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2020 Olympic Games to use hydrogen fuel to light cauldrons, torch during relay

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TOKYO >> The organizing committee of the 2020 Tokyo Olympic and Paralympic Games is planning to use the next-generation energy of hydrogen fuel to light the flames of the cauldrons and torch relay. If realized, the 2020 Games would be the first Olympics to use the alternative energy source for this purpose.

Hydrogen produced at a state-of-the-art plant under construction in Fukushima Prefecture, which was devastated by the 2011 Great East Japan Earthquake and tsunami, will be used, the sources said. The Athletes’ Village also will use hydrogen fuel as a power source.

The organizing committee intends to showcase Japan’s advanced technology with hydrogen and reconstruction as themes during the event.

According to sources connected to the organizing committee, the committee is discussing using the hydrogen fuel for the torch at the start of the relay in Fukushima Prefecture.

Hydrogen fuel will also be used as the final torchbearer lights the cauldron at the new national stadium in Tokyo, another cauldron in the Daiba area of Tokyo and to light the Olympic flame during the Games after the opening ceremony.

The Tokyo organizing committee is also considering hydrogen fuel for the ceremonial torch lighting in Greece.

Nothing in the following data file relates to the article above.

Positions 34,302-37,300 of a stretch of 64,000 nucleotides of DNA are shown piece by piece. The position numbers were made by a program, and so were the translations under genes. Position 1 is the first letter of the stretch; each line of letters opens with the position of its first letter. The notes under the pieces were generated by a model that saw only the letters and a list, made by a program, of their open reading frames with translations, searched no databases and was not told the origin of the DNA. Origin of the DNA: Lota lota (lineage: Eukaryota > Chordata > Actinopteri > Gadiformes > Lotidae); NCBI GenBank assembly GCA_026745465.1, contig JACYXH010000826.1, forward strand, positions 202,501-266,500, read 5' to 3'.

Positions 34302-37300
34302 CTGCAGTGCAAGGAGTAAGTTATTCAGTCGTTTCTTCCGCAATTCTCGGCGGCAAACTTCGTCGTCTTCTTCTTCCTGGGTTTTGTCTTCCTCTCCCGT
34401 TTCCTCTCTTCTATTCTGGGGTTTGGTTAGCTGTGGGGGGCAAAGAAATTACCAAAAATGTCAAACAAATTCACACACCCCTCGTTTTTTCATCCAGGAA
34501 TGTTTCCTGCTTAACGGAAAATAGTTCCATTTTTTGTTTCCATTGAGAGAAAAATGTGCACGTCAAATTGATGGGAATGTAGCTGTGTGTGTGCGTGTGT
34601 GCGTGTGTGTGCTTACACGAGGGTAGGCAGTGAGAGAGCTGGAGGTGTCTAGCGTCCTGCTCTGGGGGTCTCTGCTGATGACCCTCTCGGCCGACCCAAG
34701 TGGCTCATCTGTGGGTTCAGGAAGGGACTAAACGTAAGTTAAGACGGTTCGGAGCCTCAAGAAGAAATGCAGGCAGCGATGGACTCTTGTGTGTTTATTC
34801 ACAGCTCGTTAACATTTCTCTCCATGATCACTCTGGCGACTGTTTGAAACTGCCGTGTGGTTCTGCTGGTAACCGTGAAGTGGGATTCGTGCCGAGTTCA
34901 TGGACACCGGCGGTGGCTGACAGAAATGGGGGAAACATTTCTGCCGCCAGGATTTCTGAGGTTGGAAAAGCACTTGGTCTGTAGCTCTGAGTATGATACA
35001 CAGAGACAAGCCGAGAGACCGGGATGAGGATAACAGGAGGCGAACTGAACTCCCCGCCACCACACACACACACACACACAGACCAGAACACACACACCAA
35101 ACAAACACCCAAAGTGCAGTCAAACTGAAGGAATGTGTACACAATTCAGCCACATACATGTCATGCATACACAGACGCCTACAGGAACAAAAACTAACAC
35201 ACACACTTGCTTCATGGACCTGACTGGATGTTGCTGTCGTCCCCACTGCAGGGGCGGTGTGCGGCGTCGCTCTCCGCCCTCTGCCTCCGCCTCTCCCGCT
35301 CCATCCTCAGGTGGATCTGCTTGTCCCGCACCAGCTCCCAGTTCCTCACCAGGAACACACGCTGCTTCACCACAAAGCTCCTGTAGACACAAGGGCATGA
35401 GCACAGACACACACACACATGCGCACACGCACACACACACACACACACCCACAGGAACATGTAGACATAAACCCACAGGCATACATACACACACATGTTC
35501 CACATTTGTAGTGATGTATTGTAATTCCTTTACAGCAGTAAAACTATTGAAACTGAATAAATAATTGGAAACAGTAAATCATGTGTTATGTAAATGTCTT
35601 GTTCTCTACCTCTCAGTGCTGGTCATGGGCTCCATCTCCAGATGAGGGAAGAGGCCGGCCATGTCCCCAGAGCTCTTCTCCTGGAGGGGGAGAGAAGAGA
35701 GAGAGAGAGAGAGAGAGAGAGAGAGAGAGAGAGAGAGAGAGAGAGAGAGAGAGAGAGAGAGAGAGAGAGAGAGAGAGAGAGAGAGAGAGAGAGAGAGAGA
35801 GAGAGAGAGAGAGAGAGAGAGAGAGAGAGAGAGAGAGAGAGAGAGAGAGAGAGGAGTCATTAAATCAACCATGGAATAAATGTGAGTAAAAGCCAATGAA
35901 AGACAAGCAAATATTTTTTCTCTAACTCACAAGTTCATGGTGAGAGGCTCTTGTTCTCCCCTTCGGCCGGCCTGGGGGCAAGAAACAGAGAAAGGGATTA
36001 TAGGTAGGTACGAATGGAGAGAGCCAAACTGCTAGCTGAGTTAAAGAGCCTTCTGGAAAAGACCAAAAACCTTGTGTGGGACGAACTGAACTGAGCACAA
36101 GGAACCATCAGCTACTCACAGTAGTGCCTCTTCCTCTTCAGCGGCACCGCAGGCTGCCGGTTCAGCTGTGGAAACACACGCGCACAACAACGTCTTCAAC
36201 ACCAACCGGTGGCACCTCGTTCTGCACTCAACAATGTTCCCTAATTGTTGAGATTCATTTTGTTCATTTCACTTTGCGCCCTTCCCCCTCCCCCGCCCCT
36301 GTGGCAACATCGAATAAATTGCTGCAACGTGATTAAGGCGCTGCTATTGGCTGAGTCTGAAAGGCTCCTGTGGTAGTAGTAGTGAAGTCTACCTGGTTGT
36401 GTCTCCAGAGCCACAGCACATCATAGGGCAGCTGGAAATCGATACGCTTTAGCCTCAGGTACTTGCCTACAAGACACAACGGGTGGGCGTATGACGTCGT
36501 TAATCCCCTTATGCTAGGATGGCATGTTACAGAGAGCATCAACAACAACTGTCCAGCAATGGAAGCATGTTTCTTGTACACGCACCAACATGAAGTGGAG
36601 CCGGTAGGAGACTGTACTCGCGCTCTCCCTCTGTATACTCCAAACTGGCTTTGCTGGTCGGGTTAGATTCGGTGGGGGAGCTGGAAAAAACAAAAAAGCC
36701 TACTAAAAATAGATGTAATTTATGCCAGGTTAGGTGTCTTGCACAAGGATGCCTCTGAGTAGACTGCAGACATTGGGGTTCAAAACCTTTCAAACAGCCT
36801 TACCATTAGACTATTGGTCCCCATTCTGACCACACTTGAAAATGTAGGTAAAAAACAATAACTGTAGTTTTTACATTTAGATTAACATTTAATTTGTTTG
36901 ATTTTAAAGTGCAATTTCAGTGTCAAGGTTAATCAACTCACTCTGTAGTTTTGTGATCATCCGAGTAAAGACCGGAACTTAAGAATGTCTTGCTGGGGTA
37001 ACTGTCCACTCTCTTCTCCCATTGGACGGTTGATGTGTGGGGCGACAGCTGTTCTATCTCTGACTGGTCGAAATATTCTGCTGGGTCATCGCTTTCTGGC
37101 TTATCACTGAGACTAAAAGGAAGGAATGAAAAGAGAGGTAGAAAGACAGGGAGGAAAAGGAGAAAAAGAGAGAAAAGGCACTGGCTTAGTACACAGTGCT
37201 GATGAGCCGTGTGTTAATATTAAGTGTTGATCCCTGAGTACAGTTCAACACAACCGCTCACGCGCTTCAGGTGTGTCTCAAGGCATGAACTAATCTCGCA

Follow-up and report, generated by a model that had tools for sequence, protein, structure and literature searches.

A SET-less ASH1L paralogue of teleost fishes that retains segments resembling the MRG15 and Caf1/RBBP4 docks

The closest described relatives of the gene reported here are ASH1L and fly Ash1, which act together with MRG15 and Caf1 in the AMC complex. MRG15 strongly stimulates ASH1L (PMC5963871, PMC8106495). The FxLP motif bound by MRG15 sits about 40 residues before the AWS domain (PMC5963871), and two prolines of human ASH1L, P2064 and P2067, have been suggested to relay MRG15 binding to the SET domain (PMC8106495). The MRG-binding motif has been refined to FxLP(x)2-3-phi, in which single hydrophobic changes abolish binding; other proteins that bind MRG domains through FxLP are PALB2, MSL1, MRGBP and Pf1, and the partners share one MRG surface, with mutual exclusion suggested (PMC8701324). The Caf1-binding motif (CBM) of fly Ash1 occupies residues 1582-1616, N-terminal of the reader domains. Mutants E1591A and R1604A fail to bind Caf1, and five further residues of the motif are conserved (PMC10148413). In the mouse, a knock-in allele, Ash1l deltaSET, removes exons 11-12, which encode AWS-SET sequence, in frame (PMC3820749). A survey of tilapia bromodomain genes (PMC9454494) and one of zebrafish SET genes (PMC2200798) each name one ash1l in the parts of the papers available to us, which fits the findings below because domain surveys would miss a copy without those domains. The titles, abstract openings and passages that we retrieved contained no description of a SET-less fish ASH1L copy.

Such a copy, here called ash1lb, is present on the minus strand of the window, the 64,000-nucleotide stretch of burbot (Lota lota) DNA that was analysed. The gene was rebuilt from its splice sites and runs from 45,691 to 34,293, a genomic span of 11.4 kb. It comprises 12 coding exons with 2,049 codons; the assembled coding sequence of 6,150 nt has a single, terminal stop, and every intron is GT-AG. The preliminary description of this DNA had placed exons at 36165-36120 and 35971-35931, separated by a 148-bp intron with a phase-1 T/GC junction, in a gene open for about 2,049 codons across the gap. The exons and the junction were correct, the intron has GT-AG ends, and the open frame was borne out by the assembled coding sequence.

As hydrogen fuel does not emit carbon dioxide at the time of combustion and is a seemingly inexhaustible energy source on Earth, it is called the “ultimate clean energy.” Easier to transport and store compared to electricity, it is expected to be a new energy source for Japan,.

The flame from burning hydrogen fuel is colorless, but with additive agents, various hues can be created, such as red, purple and green.

A senior official of the organizing committee said that a torch displaying various colors “would expand the theatrical effect for the opening ceremony and torch relay.”

By using hydrogen fuel from Fukushima Prefecture, the committee intends to spread the news to the global community about the region’s recovery since the 2011 disaster.

Additionally, the Tokyo metropolitan government plans to use hydrogen fuel cells to cover part of the electricity needs for accommodations in the Athletes’ Village in Chuo Ward, Tokyo, the sources said.

A senior official of the Tokyo government said, “We want to make the Athletes’ Village a showcase for a next-generation ‘hydrogen town.’”

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